Wednesday, 20 March 2013
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The reality is social networking is very much part of our students’ lives it provides them with the mechanism to be part of a collective community of self esteem, Gangadharbatla (2008), typically students have Facebook accounts. In our previous research students highlighted that Facebook app on their mobile devices is an important to supporting organisation and communication in group-work learning, Nortcliffe and Middleton (2013). Facebook supports their learning immediacy, "the right here right now", as shown by the following student conversation as to why they use Facebook for learning;
"I use [Facebook] chat over email, for someone's opinion, to ask someone something, you know you will get a response instantly", student A, "Plus you know that people will be looking at their Facebook whereas you don't know if people are looking at their emails", Student B, "[quicker response as] most people have got a smartphone now a days, you get the pop up on your phone" student A
I have had a Facebook account for few years it was very much dormant, that is until Sept’12. After the ice-breaker session with my first year cohort of students, one member announced we should have a first year course Facebook site, he volunteered to set it up. I asked the class if wanted me to be part of the group, as I highlighted in the past the students implied it was their space, consequently I had respected their wishes and stayed away. However, this year the group unanimous said yes I was to join the party.
Six months down the line, I have to admit it has been a positive experience; the tool has been an appropriate, timely, effective and targeted communication tool. With the added benefit of being able to keep a respective unobtrusive eye on the cohort and course, for example if the Facebook chatter increases if students are struggling in a modules, therefore I am able to discretely alert the module leader to the areas where students may need more explanation, but also I can inject myself signposting where the students can access more support.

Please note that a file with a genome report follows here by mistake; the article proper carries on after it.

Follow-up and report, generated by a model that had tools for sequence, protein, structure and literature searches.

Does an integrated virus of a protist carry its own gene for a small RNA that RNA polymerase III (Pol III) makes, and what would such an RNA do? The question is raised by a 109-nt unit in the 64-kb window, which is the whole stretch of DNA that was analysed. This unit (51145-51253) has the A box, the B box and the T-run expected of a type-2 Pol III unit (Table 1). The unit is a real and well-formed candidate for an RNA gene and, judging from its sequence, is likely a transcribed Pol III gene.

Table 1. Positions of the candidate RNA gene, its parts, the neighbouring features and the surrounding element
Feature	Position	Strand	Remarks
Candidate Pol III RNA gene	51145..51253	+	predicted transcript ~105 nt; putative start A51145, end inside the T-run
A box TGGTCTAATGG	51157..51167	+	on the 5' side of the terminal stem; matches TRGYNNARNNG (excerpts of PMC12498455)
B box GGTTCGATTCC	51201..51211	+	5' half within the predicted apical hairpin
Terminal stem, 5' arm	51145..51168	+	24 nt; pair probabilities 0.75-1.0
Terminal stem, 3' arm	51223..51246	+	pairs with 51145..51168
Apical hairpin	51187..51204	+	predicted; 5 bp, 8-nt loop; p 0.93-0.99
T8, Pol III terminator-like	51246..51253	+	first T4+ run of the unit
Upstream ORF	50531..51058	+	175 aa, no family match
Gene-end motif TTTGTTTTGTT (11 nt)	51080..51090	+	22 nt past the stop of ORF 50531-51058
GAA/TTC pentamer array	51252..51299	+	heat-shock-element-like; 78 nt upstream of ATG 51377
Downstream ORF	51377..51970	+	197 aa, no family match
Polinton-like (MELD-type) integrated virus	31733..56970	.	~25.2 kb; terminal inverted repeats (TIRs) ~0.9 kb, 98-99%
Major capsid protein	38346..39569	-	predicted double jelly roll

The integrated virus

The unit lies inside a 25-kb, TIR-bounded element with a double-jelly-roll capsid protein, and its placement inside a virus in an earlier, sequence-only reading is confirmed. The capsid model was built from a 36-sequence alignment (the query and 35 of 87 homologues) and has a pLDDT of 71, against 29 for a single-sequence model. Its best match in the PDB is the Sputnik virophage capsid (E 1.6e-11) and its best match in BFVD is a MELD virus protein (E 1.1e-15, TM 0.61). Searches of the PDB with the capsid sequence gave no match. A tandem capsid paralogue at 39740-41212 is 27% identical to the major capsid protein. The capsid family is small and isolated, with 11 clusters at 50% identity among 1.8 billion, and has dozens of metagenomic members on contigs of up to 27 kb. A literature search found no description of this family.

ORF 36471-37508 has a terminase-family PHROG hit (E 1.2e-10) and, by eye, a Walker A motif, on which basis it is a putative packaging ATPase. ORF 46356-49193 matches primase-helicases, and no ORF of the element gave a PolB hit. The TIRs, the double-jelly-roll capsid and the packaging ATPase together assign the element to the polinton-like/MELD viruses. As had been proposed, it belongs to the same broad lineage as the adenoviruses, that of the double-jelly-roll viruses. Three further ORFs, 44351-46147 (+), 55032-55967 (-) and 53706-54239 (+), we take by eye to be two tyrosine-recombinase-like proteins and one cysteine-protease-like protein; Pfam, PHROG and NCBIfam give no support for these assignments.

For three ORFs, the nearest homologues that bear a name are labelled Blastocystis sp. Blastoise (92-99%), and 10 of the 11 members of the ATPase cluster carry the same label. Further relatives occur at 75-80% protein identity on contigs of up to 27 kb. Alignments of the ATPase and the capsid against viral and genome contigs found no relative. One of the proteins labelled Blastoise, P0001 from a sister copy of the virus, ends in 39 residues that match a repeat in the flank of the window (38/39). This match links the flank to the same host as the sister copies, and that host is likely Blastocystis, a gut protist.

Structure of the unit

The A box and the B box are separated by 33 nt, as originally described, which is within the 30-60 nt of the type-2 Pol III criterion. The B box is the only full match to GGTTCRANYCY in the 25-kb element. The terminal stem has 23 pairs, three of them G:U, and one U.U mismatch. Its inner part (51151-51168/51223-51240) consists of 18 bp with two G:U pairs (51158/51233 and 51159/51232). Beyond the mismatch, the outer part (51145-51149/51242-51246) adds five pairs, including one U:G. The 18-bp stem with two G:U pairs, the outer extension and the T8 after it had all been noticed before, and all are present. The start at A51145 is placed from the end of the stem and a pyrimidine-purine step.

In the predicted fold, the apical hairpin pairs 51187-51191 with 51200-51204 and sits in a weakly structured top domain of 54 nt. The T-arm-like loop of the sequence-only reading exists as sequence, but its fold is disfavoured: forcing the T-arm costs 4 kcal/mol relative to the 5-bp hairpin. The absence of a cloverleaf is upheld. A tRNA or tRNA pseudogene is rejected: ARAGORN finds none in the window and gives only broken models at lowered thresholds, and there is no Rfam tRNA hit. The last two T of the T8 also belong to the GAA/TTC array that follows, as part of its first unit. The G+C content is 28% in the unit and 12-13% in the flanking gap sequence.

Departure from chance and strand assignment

In terms of course leadership the reality is I only teach the students one hour every fortnight, a very desperate experience, Facebook has enabled the students and myself to create, maintain a collegiate relationship. I agree with Ahne el (2007) it is easier to maintain a social network relationship than real-life relationship, particularly when the latter involves logistics, space and time, in the case of students working around students’ work, study and extra curriculum commitments.
Equally students have used the app to communicate with myself; to ask course related questions, as a feedback mechanism on events, to organise course socials, to notify them their absence due to ill-health or family issues. The cohort also use the mobile Facebook app to manage themselves, organise themselves to classes, share learning resources, to work together in study groups, to support one another’s personal learning, to group assessments, to socialise. As shown by the following student’s comments:
“Not only can Facebook be used as a tool for sharing learning resources but it can also be used as a place for course mates to wind down and share information relating to their interests”
Ahn, Y. Y., Han, S., Kwak, H., Moon, S., and Jeong, H. (2007, May). Analysis of topological characteristics of huge online social networking services. In Proceedings of the 16th international conference on World Wide Web, 835-844
Gangadharbatla, H. (2008). Facebook me: Collective self-esteem, need to belong, and internet self-efficacy as predictors of the iGeneration's attitudes toward social networking sites. Journal of interactive advertising, 8(2), 5-15.
Nortcliffe, A. and Middlleton, A. (2013) The innovative use of personal smart devices by students to support their learning, In Increasing Student Engagement and Retention using Mobile Applications: Smartphones, Skype and Texting Technologies, (Eds) Wankel, L. and Blessinger, P. (eds), (Cutting Edge Technologies in Higher Education). 175-210, 2013, Emerald, Bingley, UK